Every six weeks I get to tap into some of the smartest minds in professional services marketing. We trade war stories, discuss industry trends and try to figure out how to refer each other business. And, wonder of wonders, it doesn’t cost more than the price of a conference call!
The structure that provides these benefits is a network of firms – or individuals in large firms — whose primary focus is on professional services organizations. It is named FOE, which does not connote an antagonistic demeanor, but stands for “Friends of Ed,” which all of the original members of the group seemed to be. Because FOE has been so valuable to BlissPR, I thought some of our learning might interest you.
The guiding light of FOE has been Ford Harding, founder of an eponymous sales training firm (www.hardingco.com) and author of Creating Rainmakers. We established the network in 1995. It met monthly in our office and varied between 7-10 members. On the plus side, three of us wrote a fair amount of business from FOE referrals. On the minus side, participation by other members varied greatly and we felt the organization had run its course by 2000 and disbanded it.
In the following years, our firm looked at other networking organizations but found them lacking for our purposes. What made FOE unique was its singular focus on professional services. All our members spoke the same language and most understood relationship marketing as opposed to transactional selling. This was not the case in more general networking groups. No offense, but people selling office supplies and equipment tend to be more transactional and also sell to functional levels below those we target.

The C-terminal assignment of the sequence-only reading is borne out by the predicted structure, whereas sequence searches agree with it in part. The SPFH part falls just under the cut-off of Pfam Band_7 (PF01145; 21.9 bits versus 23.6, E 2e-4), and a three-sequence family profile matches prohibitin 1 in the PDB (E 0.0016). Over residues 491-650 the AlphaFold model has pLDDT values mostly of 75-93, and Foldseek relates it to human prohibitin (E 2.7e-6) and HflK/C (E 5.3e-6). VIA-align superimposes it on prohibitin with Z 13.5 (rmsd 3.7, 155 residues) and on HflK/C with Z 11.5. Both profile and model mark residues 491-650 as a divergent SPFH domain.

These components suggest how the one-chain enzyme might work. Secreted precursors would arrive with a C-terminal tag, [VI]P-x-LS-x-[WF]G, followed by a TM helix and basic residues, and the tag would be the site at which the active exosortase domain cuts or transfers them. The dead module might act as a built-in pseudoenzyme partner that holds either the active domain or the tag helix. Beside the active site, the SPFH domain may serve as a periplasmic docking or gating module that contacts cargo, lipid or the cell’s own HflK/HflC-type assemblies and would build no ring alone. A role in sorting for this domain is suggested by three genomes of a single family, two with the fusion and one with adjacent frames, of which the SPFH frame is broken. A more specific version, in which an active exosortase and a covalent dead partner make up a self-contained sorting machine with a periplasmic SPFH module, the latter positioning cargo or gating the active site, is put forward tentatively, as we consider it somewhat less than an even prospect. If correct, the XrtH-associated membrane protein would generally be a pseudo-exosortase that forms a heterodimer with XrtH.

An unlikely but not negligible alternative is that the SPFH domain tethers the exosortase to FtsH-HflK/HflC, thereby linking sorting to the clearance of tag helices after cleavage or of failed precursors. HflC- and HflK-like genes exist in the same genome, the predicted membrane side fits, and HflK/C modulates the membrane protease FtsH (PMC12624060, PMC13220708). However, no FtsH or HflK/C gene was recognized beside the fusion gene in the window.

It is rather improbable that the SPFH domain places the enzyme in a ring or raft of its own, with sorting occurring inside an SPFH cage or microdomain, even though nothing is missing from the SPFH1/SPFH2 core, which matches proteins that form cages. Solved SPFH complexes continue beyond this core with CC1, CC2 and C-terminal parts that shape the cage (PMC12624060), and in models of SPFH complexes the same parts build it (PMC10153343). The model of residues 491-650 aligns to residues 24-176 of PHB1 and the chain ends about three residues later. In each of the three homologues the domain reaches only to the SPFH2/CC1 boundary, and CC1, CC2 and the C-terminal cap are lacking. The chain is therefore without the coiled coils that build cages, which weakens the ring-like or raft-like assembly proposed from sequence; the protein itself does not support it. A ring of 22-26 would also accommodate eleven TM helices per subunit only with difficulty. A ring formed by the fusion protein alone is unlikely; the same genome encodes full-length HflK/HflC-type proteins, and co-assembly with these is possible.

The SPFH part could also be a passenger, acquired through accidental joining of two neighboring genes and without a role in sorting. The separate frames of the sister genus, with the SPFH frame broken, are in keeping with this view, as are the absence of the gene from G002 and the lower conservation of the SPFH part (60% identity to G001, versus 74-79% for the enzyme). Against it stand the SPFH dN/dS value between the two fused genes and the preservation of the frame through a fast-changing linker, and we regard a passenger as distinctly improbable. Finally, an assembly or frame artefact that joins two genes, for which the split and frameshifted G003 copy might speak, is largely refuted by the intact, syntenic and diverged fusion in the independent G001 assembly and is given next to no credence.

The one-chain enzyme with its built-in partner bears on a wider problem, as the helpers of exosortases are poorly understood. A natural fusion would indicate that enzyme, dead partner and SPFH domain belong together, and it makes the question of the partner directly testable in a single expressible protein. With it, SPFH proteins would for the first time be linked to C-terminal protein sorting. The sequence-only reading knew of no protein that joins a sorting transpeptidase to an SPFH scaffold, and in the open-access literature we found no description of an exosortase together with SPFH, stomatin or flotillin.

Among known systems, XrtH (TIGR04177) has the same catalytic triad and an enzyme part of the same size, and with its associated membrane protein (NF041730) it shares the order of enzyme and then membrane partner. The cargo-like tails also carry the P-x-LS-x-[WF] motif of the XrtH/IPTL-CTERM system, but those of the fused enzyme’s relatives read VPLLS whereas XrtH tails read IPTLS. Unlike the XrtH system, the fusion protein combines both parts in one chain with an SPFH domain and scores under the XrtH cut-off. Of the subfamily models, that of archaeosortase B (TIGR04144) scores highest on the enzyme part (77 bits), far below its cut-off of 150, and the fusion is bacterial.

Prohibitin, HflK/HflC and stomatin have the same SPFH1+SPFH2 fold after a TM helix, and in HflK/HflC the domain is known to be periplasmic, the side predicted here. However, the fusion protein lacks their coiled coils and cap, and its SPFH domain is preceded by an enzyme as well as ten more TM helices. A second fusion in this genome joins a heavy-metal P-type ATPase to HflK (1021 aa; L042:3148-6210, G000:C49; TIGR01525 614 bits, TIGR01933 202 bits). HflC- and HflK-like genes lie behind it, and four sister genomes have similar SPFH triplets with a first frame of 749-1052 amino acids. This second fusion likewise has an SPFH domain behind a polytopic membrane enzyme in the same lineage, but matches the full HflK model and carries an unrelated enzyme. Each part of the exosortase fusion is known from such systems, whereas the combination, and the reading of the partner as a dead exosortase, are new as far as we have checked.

In early 2009, we re-established FOE with a new game plan. The focus on professional services stayed the same, but we changed the body from a New York-centric group that met in person to a virtual one that meets by phone. More than one member of an organization can be a member. As a result, we now have six members in the NY metro area, five in greater Boston, three in Chicago and one each in Philadelphia and Washington DC.
Equally important are our areas of specialty:
- Sales training
- Public relations
- Building online communities
- Marketing management
- Operations management
- Executive search
- Legal services
- Compensation consulting
- Professional services associations
Clients run the gamut from management consulting, I/T services and the “built environment” to accounting, actuarial, law and executive search firms, including market leaders in each area.
In my next post, I’ll explain how we structure our meetings for maximum benefit and give example of the content and leads that we produce.
Have you had networking experience? Has it been positive or negative? What have you learned?
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